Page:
N6-methyladenosine (m6A) is the most abundant internal modification of eukaryotic mRNA and long noncoding RNAs. m6A is induced by the Mettl3 complex most commonly near stop codons and 3? UTRs in mRNAs. m6A recruits the YTH domain family of m6A-binding proteins, which then control almost every aspect of RNA metabolism, including alternative splicing, nuclear export, stability, and translation. Several thousand mRNA regions are modified by m6A in a given cell population, primarily at the consensus sequence of DRACH (D=A, G, or U; R=A or G; H=A, C, or U). Reflecting the diverse molecular functions of m6A, it also regulates a wide range of biological phenomena, such as cancer cell proliferation, neural development, and pluripotent stem cell differentiation. However, the roles of m6A in muscle cell differentiation remain largely elusive. The PI?s group recently found that one of the Fkbp family member of peptidyl prolyl isomerases interacts with the Mettl3 complex. In addition, depletion of the Fkbp inhibited myoblast differentiation and decreased the total level of m6A in the cells, both of which were recapitulated by Mettl3 depletion. At a molecular level, the Fkbp promotes cis-trans isomerization of Mettl3 and its related protein Mettl14 in vitro. Based on these findings, they hypothesized that the Fkbp regulates the m6A level of myoblast mRNAs through isomerization of Mettl3 and Mettl14.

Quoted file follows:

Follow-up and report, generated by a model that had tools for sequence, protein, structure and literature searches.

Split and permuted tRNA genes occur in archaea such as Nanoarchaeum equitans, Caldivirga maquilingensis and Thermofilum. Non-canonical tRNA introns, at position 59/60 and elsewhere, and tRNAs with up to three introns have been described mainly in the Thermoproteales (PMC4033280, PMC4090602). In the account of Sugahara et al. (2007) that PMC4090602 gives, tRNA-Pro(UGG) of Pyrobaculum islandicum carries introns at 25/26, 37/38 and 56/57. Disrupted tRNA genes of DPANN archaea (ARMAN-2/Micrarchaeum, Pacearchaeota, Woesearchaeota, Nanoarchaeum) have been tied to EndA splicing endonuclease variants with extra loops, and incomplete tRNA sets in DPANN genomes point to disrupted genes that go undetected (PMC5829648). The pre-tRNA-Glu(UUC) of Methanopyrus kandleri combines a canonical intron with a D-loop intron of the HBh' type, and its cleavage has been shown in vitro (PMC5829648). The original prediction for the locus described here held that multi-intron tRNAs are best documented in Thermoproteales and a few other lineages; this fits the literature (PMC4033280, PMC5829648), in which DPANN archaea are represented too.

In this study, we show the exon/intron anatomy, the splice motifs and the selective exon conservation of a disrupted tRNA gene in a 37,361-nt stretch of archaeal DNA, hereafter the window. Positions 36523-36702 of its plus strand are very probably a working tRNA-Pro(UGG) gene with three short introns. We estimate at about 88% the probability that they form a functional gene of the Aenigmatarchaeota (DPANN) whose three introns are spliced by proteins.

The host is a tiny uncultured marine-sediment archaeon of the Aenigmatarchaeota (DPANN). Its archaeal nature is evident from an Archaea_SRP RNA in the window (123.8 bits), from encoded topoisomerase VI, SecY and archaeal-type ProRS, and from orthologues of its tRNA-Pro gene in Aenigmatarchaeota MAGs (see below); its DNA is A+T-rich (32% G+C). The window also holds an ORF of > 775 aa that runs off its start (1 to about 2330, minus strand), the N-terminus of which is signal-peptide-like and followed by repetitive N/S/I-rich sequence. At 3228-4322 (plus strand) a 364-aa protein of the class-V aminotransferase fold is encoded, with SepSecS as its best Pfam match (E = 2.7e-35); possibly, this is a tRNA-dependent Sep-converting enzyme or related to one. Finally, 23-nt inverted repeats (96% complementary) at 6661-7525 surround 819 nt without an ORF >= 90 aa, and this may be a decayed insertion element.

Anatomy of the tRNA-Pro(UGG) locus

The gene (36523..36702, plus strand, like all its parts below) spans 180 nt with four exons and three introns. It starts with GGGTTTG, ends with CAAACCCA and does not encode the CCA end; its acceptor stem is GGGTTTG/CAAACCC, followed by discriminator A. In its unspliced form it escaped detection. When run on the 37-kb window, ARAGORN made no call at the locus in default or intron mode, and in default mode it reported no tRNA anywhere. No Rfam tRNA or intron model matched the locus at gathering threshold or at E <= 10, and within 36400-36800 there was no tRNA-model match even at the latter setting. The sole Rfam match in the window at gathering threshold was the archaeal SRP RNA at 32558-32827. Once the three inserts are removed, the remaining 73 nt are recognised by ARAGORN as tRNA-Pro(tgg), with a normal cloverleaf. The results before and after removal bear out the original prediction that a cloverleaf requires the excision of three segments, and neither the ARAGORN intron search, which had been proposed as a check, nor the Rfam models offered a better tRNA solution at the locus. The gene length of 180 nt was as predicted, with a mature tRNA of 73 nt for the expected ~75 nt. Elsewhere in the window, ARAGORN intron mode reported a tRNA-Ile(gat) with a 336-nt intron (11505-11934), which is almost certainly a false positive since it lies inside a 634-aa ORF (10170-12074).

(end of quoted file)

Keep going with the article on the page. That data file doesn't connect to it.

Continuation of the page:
Three aims were proposed to investigate this hypothesis.
Aim 1 will determine genome-wide distribution of m6A in myoblasts at a single nucleotide level and study how the pattern changes by depletion of the Fkbp.
Aim 2 will characterize how m6A affects metabolism of several most abundantly modified myoblast-specific mRNAs.
Aim 3 will study how Fkbp8 regulates Mettl3 and Mettl14, focusing on phosphorylation and isomerization of the proteins. These studies are expected to lay a solid foundation for a future study of the roles of m6A in muscle cells.
This project will study how the peptidyl prolyl isomerase Fkbp regulates mRNA methylation that are important for muscle cell differentiation. It can contribute to improve our understanding of muscle development and regeneration from a novel mechanistic perspective.